It's been a few year since the phrase "The customer is always right" was first uttered. While sentiments and exact interpretation of that phrase have changed over time, the reality of the consumer-driven market has not. Businesses with products to sell need to sell to their audience wherever that audience *is*...and that is getting harder to define. The journey from prospect to customer has grown beyond advertising or marketing, and is now called the "customer experience." It encompasses everything from how prospects first learn about products to their interactions with sales staff/websites through their first *unboxing* (with custom package design). And, fingers crossed, turning them into repeat customers.
The custom package design feature is something of a revolution in these past years. Consumers are expecting packaging that complements the product. A plain, cardboard box won't impress someone who just spent over $2000 on a computer (just ask Apple). It's not that the thrill of receiving packages has decreased; rather, it's that expectations have increased.
Why Custom Package Design?
In Richard Shapiro's list of 2017 customer experience trends, he notes how fundamental packaging has become to the customer experience. It can be a a differentiator in terms of extending the customer experience. Custom package design has been a major success for luxury brands, particularly make up brands like Urban Decay for example. Their unique packaging and magnetic box closure, along with perfectly-formed custom insert trays, turn a routine eye shadow application into an event every time.
As Shapiro notes, it's another opportunity for a company to reinforce their brand and the values they uphold. Customer experience is about more than just the product; when today's purchasers select an item, it's rarely as an afterthought. The amount of information at our fingertips--even in our pockets via smartphones--is staggering. If one item doesn't have what we want, or if the company doesn't respond fast enough to a tweeted question, then we move on to another brand. Shapiro uses the example of opening an Apple box and finding it full of packing peanuts versus their perfectly-molded packaging. It certainly doesn't fit their aesthetic, does it?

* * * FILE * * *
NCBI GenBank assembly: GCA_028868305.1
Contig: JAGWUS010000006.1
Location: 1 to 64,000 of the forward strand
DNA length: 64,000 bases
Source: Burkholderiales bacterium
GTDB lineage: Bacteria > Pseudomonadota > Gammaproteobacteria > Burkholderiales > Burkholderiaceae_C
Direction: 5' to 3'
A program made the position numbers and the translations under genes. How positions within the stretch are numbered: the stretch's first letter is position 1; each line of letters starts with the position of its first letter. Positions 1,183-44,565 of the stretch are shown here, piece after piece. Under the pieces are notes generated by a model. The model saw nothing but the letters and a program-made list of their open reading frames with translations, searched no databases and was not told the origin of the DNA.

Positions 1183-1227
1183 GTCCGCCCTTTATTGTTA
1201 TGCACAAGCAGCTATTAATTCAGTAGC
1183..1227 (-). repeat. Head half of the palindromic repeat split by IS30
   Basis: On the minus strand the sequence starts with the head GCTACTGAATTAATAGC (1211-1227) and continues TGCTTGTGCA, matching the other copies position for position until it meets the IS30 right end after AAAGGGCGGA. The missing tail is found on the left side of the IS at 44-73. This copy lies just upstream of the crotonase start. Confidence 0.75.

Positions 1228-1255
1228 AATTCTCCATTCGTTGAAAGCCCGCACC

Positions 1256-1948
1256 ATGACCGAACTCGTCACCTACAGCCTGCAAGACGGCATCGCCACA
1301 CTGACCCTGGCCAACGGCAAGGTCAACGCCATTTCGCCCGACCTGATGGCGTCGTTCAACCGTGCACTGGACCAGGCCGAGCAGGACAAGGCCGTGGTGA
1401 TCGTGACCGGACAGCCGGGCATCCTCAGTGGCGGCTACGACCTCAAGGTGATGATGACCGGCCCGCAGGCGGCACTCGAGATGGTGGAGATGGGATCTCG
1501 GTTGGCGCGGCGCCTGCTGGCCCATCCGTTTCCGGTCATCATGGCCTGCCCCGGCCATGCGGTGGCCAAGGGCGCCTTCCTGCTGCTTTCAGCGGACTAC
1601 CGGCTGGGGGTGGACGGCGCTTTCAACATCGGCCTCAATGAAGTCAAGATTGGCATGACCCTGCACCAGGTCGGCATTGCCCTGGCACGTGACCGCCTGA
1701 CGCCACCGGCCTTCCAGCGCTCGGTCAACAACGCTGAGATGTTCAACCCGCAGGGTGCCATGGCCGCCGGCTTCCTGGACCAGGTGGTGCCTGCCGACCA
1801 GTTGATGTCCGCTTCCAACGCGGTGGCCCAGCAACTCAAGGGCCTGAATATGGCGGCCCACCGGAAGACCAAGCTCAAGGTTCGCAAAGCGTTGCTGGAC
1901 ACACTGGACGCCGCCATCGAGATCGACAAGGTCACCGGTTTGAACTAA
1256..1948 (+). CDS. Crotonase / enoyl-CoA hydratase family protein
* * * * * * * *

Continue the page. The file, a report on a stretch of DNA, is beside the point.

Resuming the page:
Other 2017 Customer Experience Trends
It doesn't end with custom package design. In addition, supporting a positive customer experience can mean controlled touch points at every stage of the journey. When an item is ordered from Amazon, users can track its movement from warehouse to their doorstep. When we request an Uber, we can see the vehicle coming toward us in real time. It's one part instant gratification, and another part setting expectations.
Shapiro also notes that millennials prefer experiences over *things* (and they're willing to pay for it). This feeds into the desire to receive boxes worth opening, worth sharing with the world upon receipt. And this does more than generate content for social channel feeds; it can work toward your benefit as a business as well.
While we name-dropped a few notable brands in this piece, it's important to find your own style and voice in the custom packaging design space. Inspiration is one thing, but copying is another, and definitely not accepted as authentic by consumers. Invest in your packaging, and make sure that you're addressing potential customers throughout the customer experience journey as a whole through 2017.